Back in 2011, Amazon did something that at first glance seemed, well, a little weird. As part of its wildly popular Prime service, which offered unlimited two-day shipping from the online retailer for one annual fee, subscribers also would get access to its nascent video streaming service. What video had to do with shipping wasnâ€™t entirely clear, but, hey, why not?
Five years later, Amazon Primeâ€™s streaming video option, now called Prime Video, is a very different, award-winning beast. Its first big original series, Transparent, has won five Emmys and two Golden Globes, among its many accolades. Itâ€™s premiered critically acclaimed shows like Man in the High Castle. It bought four indies at sky high prices at Sundance. You can subscribe to Showtime or StarzÂ directly from the Amazon Video app without a cable TV plan.
What seemingly started as a way to get people to sign up for two-day shipping has turned into a major force in the world of entertainment.
In short, what seemingly started as a way to get people to sign up for two-day shipping has turned into a major force in the world of entertainment. Prime Video may have started as a perk to draw in more Prime members. Now, itâ€™s just as easy to believe that Prime Video may be its own draw, and two-day shipping a nice perk. For $99 a yearâ€”cheaper than a year of Netflix, which doesnâ€™t ship anything other than DVDs.
But wait, thereâ€™s more. As it continues to experiment, video on Amazon may not only serve up competition to traditional studios and other streaming services but to the other major tech platforms: Facebook, Apple, and Google. Amazon may have started with online shopping. But video could be its way into everything else online.
â€œWe live in a time right now where nobody can walk around feeling 100 percent confident in their traditional business models,â€ says Will Richmond, a longtime online video researcherÂ and editor of industry site VideoNuze. â€œThatâ€™s an environment in which Amazon is perfectly suited to thrive.â€
The Content Crusade
In the battle for your attention being waged by the major tech platforms, the goal is to capture as much of your time as possible to the exclusion of any other companyâ€™s app, site, phone, or bot. To become your world, the place where you shop, search, chat, and seek entertainment, Amazon must give you a reason to keep coming backâ€”not each week to buy diapers or books, but every day and, ideally, on Amazon devices. One way to do that is to offerÂ TV shows and movies you canâ€™t find anywhere else.
Not that this is Amazonâ€™s first foray into the content business. After all, the company has sold DVDs for years. And you may have heard it started out selling books. In the late aughts, however, the company moved from simply selling discs to offering shows and movies for download and, eventually, streaming.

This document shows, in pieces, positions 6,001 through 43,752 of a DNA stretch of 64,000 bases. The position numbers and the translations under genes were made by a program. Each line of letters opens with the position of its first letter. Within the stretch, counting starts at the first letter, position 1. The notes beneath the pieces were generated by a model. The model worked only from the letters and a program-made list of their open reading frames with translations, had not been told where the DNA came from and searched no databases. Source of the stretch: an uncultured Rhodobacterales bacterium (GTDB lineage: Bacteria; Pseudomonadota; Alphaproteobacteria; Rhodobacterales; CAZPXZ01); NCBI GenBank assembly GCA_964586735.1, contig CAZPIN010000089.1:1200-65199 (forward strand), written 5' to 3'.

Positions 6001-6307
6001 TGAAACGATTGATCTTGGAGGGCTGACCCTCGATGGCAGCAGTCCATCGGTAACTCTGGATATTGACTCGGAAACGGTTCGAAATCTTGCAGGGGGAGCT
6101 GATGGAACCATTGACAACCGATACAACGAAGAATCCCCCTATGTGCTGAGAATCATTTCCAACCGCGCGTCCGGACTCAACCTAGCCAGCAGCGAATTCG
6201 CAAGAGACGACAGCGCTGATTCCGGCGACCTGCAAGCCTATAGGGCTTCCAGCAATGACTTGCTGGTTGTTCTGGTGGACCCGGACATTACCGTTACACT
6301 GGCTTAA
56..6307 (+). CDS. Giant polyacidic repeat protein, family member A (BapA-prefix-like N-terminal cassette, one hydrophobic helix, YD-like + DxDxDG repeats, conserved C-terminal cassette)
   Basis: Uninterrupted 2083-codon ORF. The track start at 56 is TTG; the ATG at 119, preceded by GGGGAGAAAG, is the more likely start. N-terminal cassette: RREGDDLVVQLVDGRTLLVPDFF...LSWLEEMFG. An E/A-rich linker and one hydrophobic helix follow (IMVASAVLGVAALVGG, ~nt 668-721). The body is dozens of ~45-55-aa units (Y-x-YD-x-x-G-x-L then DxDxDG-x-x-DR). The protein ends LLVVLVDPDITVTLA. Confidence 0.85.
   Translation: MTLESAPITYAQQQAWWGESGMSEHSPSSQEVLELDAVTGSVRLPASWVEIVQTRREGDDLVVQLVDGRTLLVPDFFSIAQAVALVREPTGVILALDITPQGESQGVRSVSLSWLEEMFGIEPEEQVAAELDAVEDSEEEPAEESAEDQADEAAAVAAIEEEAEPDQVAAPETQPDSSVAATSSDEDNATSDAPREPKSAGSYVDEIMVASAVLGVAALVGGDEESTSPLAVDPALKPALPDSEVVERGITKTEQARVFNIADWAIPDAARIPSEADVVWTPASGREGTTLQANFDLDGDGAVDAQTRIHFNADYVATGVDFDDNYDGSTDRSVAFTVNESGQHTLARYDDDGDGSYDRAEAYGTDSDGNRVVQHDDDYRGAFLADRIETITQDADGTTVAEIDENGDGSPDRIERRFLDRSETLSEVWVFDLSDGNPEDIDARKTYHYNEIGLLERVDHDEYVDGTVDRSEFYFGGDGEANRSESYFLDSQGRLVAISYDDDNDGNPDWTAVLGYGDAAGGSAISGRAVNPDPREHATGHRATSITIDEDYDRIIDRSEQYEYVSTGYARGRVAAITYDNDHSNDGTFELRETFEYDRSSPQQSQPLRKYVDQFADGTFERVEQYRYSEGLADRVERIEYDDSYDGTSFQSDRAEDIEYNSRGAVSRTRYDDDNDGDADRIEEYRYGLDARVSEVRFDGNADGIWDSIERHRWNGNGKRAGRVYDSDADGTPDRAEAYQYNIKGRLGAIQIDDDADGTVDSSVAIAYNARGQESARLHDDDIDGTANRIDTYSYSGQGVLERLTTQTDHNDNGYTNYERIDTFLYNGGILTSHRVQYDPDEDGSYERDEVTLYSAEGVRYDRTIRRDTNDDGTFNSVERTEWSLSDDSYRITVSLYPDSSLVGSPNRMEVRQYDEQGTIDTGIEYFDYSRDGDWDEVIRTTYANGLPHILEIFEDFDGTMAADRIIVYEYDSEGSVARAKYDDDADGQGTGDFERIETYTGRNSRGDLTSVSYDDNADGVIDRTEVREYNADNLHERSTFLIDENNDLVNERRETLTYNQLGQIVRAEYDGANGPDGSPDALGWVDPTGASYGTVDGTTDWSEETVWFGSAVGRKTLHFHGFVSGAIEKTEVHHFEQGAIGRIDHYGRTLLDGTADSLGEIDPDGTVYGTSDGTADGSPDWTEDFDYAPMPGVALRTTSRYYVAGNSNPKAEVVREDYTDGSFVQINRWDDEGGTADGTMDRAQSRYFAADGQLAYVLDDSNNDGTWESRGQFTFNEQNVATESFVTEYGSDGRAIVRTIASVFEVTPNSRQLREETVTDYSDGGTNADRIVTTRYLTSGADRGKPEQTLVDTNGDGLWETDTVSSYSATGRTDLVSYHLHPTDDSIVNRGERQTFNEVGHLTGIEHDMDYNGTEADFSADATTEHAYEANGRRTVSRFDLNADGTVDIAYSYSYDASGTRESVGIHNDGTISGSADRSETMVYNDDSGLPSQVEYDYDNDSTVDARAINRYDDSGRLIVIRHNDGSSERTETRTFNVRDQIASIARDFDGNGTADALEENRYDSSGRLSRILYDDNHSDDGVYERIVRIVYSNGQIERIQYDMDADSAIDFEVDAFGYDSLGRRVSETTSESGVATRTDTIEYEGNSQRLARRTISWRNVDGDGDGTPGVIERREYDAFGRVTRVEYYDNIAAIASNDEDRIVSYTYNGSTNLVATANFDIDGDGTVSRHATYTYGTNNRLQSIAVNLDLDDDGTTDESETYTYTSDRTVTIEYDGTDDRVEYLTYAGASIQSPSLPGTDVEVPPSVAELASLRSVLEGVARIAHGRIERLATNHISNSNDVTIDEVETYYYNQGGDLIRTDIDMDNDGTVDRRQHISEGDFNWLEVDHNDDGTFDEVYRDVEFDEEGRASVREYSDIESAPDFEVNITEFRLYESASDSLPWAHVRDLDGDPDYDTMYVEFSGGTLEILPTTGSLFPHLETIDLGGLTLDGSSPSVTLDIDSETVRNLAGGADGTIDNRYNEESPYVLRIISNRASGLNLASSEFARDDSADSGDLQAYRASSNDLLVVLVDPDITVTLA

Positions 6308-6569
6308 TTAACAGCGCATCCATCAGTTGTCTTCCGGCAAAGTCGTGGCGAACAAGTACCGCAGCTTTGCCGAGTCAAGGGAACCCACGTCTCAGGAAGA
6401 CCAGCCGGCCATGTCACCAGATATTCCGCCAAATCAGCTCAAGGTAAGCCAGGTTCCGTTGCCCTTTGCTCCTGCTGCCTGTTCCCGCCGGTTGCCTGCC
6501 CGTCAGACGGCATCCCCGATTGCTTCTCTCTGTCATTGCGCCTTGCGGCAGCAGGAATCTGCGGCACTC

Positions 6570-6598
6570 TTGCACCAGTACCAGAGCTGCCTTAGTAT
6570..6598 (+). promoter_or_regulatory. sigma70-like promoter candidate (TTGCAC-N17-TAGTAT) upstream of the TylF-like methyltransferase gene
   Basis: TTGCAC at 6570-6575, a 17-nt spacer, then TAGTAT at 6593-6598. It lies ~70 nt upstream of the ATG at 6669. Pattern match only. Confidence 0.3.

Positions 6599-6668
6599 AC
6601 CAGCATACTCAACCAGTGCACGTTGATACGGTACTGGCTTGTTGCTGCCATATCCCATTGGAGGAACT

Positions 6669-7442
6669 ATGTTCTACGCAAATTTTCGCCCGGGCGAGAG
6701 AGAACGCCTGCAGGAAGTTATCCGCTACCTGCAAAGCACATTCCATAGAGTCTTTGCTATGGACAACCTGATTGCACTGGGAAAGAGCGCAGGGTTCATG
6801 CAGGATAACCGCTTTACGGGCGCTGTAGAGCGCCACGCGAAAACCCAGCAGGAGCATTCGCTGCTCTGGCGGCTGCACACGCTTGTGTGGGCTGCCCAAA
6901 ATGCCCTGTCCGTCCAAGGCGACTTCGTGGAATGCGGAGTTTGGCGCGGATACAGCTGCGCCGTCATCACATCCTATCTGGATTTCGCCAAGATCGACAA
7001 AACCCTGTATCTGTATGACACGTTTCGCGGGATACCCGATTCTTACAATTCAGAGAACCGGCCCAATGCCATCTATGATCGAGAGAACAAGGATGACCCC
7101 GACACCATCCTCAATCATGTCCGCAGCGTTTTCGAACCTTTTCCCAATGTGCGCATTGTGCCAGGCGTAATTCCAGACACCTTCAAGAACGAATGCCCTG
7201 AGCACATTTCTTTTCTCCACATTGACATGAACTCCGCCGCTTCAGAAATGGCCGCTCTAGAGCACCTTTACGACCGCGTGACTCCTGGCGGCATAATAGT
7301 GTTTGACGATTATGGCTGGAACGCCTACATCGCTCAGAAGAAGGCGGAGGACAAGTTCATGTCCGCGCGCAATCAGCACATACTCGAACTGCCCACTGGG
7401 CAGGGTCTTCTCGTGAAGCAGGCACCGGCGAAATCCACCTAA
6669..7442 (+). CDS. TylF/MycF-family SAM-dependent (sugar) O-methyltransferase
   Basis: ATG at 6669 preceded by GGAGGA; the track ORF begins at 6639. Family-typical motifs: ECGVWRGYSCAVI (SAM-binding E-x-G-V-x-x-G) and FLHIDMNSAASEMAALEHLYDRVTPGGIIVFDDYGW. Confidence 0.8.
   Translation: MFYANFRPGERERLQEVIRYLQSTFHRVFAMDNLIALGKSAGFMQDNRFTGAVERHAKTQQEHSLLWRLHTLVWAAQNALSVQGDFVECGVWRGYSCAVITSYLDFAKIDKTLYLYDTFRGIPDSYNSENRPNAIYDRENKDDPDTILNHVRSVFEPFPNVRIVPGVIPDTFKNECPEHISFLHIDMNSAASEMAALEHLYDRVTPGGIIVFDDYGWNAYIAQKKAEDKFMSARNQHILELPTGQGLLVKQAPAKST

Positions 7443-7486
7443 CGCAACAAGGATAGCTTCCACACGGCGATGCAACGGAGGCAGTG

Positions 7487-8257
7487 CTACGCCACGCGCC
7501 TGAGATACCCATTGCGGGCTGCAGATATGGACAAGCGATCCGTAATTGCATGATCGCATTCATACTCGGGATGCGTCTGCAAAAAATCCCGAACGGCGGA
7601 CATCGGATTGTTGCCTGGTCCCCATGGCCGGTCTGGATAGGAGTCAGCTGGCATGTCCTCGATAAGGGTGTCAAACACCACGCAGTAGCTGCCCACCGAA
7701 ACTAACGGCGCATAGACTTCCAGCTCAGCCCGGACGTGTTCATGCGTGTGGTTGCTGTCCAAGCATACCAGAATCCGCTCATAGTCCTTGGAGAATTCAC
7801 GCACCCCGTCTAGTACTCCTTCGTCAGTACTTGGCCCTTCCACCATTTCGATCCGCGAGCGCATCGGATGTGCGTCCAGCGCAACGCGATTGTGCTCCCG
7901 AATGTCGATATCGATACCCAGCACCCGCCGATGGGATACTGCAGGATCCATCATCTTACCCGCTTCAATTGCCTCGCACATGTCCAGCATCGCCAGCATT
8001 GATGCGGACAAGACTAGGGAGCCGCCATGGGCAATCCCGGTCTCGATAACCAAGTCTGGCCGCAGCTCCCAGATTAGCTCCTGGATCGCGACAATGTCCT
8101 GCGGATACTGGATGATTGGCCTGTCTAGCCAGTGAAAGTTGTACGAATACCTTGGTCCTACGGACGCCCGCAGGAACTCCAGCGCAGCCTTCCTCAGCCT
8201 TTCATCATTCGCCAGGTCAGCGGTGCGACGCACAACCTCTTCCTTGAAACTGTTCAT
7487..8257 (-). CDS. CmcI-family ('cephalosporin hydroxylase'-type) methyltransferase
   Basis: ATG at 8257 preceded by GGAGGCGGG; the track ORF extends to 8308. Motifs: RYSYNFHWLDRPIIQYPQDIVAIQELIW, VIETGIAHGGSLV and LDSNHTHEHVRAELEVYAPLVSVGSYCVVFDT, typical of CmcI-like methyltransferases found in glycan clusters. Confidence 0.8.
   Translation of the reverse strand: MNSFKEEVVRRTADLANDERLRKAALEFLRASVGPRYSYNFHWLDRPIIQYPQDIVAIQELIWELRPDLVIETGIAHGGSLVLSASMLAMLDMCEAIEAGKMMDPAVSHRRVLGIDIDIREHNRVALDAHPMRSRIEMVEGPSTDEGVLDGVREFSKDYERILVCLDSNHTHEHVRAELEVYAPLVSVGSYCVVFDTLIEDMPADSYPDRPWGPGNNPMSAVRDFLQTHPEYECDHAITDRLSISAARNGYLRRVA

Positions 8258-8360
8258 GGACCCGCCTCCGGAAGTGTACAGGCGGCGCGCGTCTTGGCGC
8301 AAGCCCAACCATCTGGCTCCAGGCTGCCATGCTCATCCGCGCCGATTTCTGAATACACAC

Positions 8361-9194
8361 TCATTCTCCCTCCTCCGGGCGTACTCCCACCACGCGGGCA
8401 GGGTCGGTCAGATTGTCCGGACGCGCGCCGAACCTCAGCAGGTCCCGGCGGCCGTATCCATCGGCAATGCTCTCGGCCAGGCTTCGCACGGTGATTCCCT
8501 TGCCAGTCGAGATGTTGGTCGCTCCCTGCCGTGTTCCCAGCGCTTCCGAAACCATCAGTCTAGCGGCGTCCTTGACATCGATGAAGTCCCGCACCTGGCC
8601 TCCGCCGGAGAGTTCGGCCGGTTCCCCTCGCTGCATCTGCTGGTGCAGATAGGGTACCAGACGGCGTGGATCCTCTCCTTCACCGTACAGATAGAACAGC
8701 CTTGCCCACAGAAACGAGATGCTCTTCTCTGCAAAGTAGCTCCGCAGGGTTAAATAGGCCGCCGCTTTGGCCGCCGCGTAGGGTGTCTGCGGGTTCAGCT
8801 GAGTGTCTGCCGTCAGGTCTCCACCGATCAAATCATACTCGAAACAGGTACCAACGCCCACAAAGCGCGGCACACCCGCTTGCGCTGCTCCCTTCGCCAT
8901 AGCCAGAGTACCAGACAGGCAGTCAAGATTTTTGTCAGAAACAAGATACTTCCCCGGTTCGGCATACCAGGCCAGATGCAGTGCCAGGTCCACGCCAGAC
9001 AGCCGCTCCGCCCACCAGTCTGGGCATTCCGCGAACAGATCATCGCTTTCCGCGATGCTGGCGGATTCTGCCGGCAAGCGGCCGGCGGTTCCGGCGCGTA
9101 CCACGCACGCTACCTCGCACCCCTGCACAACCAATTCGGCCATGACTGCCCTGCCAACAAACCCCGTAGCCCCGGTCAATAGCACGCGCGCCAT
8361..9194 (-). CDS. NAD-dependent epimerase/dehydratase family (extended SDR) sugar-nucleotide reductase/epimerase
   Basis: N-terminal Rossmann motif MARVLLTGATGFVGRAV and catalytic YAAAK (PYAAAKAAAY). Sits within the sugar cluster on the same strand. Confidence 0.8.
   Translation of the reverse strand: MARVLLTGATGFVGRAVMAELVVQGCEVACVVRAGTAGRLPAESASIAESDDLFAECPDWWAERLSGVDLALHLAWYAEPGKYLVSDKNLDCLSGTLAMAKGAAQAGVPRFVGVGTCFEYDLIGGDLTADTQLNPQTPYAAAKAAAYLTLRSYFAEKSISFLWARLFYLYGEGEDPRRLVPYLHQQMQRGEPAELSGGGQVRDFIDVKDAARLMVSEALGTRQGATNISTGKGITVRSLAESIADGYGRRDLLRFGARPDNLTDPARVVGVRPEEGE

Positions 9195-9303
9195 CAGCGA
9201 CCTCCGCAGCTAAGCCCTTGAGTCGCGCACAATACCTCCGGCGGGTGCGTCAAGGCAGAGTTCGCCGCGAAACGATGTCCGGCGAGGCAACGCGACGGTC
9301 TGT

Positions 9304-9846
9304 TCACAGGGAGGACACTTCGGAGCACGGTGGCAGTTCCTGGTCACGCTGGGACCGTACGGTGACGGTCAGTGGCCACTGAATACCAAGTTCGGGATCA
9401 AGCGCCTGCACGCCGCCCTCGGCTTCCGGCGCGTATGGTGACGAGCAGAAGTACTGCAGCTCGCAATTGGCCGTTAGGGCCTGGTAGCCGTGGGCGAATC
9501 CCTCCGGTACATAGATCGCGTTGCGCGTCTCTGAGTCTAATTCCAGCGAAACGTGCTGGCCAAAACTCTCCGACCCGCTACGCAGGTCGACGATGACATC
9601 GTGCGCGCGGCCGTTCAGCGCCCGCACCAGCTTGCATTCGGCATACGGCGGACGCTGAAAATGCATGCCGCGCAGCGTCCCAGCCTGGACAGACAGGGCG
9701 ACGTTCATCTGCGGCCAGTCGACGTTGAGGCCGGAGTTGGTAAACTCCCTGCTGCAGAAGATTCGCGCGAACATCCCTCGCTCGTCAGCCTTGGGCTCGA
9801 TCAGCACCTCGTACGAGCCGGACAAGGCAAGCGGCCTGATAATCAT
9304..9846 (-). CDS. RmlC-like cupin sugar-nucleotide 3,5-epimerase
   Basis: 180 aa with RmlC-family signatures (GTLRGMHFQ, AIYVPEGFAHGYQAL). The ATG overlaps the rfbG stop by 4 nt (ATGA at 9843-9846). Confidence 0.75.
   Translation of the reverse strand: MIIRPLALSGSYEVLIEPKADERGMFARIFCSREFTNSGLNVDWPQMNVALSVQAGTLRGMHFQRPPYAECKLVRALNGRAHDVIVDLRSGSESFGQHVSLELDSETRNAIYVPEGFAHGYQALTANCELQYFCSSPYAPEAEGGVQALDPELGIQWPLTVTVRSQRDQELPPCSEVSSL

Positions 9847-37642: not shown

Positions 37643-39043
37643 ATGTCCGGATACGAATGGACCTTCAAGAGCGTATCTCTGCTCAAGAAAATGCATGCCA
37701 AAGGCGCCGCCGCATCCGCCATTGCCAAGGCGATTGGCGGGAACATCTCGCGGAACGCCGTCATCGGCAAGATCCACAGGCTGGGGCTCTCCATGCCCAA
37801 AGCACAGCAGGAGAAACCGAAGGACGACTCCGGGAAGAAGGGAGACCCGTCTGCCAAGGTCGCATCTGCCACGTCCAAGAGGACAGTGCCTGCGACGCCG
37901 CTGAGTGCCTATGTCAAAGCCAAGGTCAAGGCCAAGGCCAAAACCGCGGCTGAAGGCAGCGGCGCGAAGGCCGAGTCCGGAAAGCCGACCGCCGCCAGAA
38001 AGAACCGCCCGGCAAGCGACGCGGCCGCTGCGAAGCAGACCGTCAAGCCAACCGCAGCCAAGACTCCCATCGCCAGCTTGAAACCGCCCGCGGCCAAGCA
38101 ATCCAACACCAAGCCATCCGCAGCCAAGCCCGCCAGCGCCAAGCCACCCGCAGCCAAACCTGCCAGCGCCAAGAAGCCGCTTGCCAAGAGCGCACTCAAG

â€œWe knew digital was coming,â€ says Jim Freeman, vice president of digital video at Amazon.Â â€œWe felt the need to build that digital service, so our customers could stay with us and continue to use Amazon as a retailer for entertainment. That was the genesis for the original video effort.â€
Imagine pitching the idea as a startup: ‘It’s HBO meets Walgreens.’
In 2011, video became a Prime perk. But the company saw that to get members to really care about video on Amazon, it had to offer something more distinctive and original. In 2013, the company began to do just that, premiering pilots for 14 shows that year. The company let customers rate the shows and, using that data, decided which to extend to full seasons.
Its first efforts werenâ€™t that memorable. (Alpha House or Betas, anyone?) Since then, however, the company seems to have found its chops. Its production house, Amazon Studios, has developed shows ranging from Transparent to nonfiction docu-series such as The New Yorker Presents. To decide what to make, the company says it looks at what customers watch and buy, and what they say in reviews. It also, understandably, looks at the broader market to gauge what you canâ€™t get elsewhere, and what kinds of shows might reward risk-taking.
â€œThere are 400 shows on TV,â€ Roy Price, the vice president of Amazon Studios, says.Â â€œItâ€™s not about just getting the audience to hang around at 8:30 [at night]. You have to create aÂ show that people are really going to demand in the on-demand environmentâ€”theyâ€™re going to seek it out.â€